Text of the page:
Researchers at Ohio State University have developed a sensor that can detect emissions from cars, power plants, and other combustion processes.
Prabir Dutta, professor and chair of chemistry at Ohio State, said the newly-patented sensor represents a step forward in sensor development because it can detect the total amount of NOx from the complex mixtures that make up combustion exhaust in small amounts and in a rapid fashion.
Specifically, Dutta and former graduate student Nicholas Szabo designed the sensor with a zeolite filter inside to remove carbon monoxide from the airstream. The NOx passes through the filter to an electrode that then registers a signal that is proportional to the concentration of NOx.
The sensor can survive temperatures greater than 1,000 degrees F – a prerequisite for working near an engine or furnace. In laboratory tests, the sensor accurately detected the presence of NOx in concentrations above 100 parts per million – sensitivity adequate for car and power plant exhaust.
But the researchers goal is to develop a sensor that will detect concentrations well below 100 parts per million, which Dutta said will be needed for more environmentally friendly engines in the future. A more sensitive detector would also be needed for turbine engines for aircraft and power applications, he said.
The sensor currently measures half a centimetre (about a quarter of an inch) across, but eventually the scientists want to shrink it thousands of times smaller.
Several commercial companies are trying out the sensor for various applications.
Meanwhile, Henk Verweij, professor of materials science and engineering at Ohio State, is studying the sensor packaging to make it easier to manufacture. And Giorgio Rizzoni, professor of mechanical engineering and director of the university’s Center for Automotive Research and Intelligent Transportation, leads a team that is testing its performance at monitoring car engines.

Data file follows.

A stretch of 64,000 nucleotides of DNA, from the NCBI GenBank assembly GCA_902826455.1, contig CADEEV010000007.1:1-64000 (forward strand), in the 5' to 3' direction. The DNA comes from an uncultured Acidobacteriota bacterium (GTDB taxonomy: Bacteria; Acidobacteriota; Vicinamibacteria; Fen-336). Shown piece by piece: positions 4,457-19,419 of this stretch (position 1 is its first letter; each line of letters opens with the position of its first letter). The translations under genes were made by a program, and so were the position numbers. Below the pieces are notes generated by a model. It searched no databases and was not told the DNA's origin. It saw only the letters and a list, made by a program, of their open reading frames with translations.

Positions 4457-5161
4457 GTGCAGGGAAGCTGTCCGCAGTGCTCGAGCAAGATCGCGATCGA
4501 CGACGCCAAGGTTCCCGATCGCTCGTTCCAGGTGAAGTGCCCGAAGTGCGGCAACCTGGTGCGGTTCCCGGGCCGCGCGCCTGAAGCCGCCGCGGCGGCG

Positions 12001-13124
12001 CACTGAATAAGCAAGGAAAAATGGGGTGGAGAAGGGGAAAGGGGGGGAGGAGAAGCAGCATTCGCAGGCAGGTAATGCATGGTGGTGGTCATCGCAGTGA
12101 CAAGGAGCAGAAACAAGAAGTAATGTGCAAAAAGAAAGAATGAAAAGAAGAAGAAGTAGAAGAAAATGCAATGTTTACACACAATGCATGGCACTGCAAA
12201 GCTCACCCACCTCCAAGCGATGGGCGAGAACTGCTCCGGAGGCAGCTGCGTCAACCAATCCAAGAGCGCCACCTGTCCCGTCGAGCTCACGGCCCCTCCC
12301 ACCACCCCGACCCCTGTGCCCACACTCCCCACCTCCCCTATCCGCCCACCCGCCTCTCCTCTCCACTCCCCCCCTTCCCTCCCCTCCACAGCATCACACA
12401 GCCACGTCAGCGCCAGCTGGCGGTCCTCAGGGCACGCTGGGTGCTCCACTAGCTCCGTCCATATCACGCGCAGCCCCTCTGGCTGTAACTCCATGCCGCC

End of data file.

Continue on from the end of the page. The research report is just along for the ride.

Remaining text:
Future plans include miniaturising the sensors and building them into an array to monitor the combustion process in the boiler of power plants. With the right software, data from sensors at different locations in the boiler can be used to balance individual burners to better control emissions and improve efficiency. The software algorithms are being developed at the university’s Center for Industrial Sensors and Measurements (CISM), where Dutta is co-director.
Carl Palmer, engineering leader at GE Reuter Stokes of Twinsburg, OH, and his colleagues will test the sensor array. Other collaborators include Sheikh Akbar, professor of materials science and engineering and founding director of CISM, and Bruce Patton, professor of physics.
“This is a truly multidisciplinary project,” Dutta said. “This is something a chemist can’t do alone.”
The State of Ohio, CISM, NASA Glenn Research Center, and the Department of Energy all funded the work.